Monday, July 13, 2015

The scary world of beauty blogging

First up, I am spewing more of the same more regularly now. Which can mean only one thing.
We're on Twitter now. Yay for me!

I need to get them small, fancy icons ready for easy following and such. But at my advanced age all new technologies can be a bit intimidating.

My week on Twitter was spent diving head first into the beauty twittersphere, or whatever that place is called, where prominent bloggers feel the need to retwit over and over links to their old blog posts. It's boring, it's tiring and frankly, it reeks of desperation. But I guess the struggle to stay relevant and stay on top is real out there. There are only so many press samples and PR events to go around, right?

I am no stranger to beauty blogs, featuring both Asian and western perspective. Though in all fairness and honesty, I've always tried to avoid the heavily sponsored, "I'm a full time blogger" sites, as I feel their opinions are heavily compromised by the fact they make money touting new products and companies.

Of course, there are exceptions, but they are far and few between.
Add to that the fact that many top tier bloggers (or those who delude themselves into believing they are top tier) don't provide clear disclaimers that what they are posting are paid advertorials (yes, most reasonably intelligent readers know it already, but it's the principle and basic honesty that matter) and the waters get even more murky.

The Asian beauty blogosphere is starting to swim in the same murky waters, and as Asian cosmetic companies and retailers are waking up to the PR potential of English language bloggers, the waters are bound to get even muddier. Watch this space.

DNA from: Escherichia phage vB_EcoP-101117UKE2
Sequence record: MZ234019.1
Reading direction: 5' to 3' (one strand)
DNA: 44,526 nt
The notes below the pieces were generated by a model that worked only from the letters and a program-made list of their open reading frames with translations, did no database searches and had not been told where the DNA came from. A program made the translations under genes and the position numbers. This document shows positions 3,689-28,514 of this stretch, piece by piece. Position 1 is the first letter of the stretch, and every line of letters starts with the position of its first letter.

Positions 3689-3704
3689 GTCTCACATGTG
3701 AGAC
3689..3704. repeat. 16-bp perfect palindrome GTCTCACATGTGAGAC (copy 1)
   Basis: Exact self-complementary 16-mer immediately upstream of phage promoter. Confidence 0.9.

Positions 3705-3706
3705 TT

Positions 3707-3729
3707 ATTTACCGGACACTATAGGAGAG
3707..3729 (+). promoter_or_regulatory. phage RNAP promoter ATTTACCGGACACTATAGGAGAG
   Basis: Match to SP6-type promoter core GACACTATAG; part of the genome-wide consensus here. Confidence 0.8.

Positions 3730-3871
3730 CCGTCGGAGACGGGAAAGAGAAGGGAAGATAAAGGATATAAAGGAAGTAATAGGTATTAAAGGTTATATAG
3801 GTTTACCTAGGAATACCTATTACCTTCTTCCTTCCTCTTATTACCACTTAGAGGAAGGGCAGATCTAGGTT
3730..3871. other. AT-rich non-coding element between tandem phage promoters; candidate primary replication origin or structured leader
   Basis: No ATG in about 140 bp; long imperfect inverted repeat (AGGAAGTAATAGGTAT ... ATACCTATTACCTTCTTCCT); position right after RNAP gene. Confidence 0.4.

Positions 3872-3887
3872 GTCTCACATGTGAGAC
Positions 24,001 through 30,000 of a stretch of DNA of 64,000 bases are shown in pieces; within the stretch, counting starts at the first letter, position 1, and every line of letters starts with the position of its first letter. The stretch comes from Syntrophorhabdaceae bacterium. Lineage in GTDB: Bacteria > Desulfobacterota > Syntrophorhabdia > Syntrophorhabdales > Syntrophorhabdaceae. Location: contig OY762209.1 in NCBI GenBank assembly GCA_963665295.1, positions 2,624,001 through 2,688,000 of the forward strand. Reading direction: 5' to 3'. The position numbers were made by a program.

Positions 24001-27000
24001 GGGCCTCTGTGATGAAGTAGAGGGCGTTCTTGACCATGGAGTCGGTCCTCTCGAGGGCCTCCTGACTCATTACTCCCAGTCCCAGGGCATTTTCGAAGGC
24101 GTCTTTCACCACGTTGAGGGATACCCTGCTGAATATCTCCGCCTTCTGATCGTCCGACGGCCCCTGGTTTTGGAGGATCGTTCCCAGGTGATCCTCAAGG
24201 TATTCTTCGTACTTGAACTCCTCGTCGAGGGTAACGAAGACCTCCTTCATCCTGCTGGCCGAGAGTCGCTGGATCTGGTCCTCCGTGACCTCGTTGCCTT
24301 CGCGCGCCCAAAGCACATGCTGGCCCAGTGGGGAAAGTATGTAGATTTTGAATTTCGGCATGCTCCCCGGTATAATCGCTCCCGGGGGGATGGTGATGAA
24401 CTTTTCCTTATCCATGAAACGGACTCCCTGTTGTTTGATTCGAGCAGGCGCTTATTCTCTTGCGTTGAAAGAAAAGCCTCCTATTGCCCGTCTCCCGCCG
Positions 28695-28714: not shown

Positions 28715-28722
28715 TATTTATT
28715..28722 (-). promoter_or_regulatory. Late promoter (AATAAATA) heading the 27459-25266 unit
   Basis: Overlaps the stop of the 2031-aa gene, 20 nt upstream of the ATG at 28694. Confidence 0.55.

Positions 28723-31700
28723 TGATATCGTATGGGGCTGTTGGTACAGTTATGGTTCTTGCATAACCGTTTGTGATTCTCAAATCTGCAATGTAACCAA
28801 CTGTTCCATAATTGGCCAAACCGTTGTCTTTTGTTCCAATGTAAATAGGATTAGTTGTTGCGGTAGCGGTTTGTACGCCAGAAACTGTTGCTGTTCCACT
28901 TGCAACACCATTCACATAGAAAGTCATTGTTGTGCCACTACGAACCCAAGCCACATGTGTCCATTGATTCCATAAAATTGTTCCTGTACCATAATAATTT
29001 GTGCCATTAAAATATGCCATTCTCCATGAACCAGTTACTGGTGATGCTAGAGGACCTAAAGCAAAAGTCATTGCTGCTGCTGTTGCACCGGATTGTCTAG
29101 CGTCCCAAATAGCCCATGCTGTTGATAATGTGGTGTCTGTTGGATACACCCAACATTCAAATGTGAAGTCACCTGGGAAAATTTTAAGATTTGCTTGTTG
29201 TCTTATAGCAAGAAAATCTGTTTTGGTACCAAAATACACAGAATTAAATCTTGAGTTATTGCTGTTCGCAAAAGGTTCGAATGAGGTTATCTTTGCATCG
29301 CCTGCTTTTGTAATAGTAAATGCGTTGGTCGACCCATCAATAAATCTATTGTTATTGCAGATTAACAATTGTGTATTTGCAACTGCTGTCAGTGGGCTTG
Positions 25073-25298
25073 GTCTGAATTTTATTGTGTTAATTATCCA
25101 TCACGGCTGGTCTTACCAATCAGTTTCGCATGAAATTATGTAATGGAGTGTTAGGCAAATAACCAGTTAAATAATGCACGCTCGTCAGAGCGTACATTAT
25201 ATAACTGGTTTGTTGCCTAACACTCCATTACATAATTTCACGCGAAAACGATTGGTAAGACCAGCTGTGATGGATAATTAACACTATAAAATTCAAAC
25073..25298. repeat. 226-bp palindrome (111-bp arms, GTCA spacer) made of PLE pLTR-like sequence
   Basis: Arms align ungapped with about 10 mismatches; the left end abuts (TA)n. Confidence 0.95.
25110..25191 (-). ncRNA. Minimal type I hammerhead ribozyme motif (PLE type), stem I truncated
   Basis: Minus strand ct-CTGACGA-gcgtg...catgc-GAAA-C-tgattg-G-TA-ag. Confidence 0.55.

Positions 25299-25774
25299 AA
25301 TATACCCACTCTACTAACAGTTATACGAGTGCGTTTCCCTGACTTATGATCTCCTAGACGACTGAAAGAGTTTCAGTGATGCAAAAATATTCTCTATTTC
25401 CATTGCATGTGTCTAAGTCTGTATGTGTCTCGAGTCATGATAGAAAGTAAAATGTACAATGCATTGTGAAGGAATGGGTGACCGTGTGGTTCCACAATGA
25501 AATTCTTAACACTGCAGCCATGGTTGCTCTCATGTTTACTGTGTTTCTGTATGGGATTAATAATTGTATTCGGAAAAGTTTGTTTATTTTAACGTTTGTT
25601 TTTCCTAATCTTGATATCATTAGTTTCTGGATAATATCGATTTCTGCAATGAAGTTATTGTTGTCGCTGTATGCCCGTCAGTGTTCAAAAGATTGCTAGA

What caught my attention was a blogger (British mid-tier by the looks of it), who had the balls to actually speak up about the situation. But whether it is a genuine concern and effort to make the British blogosphere a better place, or just an attempt to stay relevant, well, that's anyone's guess.

Though since I'm linking to the post here, clearly, the ploy is working.

I actually found that blog to be quite pleasant. Yes, the products are sponsored, but the content is fun and fluffy, and if I weren't driving to work, it would be something I'd like to read during my morning commute. You know, just to see what's happening on the other side of the world.

Tonight I ended up reading it in the bath instead of my usual materials:

(Yes, I know, I know... smartphones in the bathtub are a really dumb idea.)

It's also interesting to me as a non-Asian beauty blog. And the author did say that:
"Technically speaking tanning is a bad thing and a sign of damage, even though we associated a sunkissed glow with health and radiance."
Love at first read!

Anyway, where was I?

Ah yes, the popularity contest of pro beauty bloggers...

On that blog, I also noticed this:
Blogger Ads and Promotional Packages

Holy mother of Batman! Bloggers actually advertise on popular blogs? And popular bloggers charge money for this service?
Sorry, but to me, this is just against the spirit of blogging (though if I were blogging for a living, I'm sure my opinion would be very different). And it made me appreciate those heavy hitters, who very kindly linked to me without financial strings attached.

On the other hand, I am really curious if such paid services really deliver.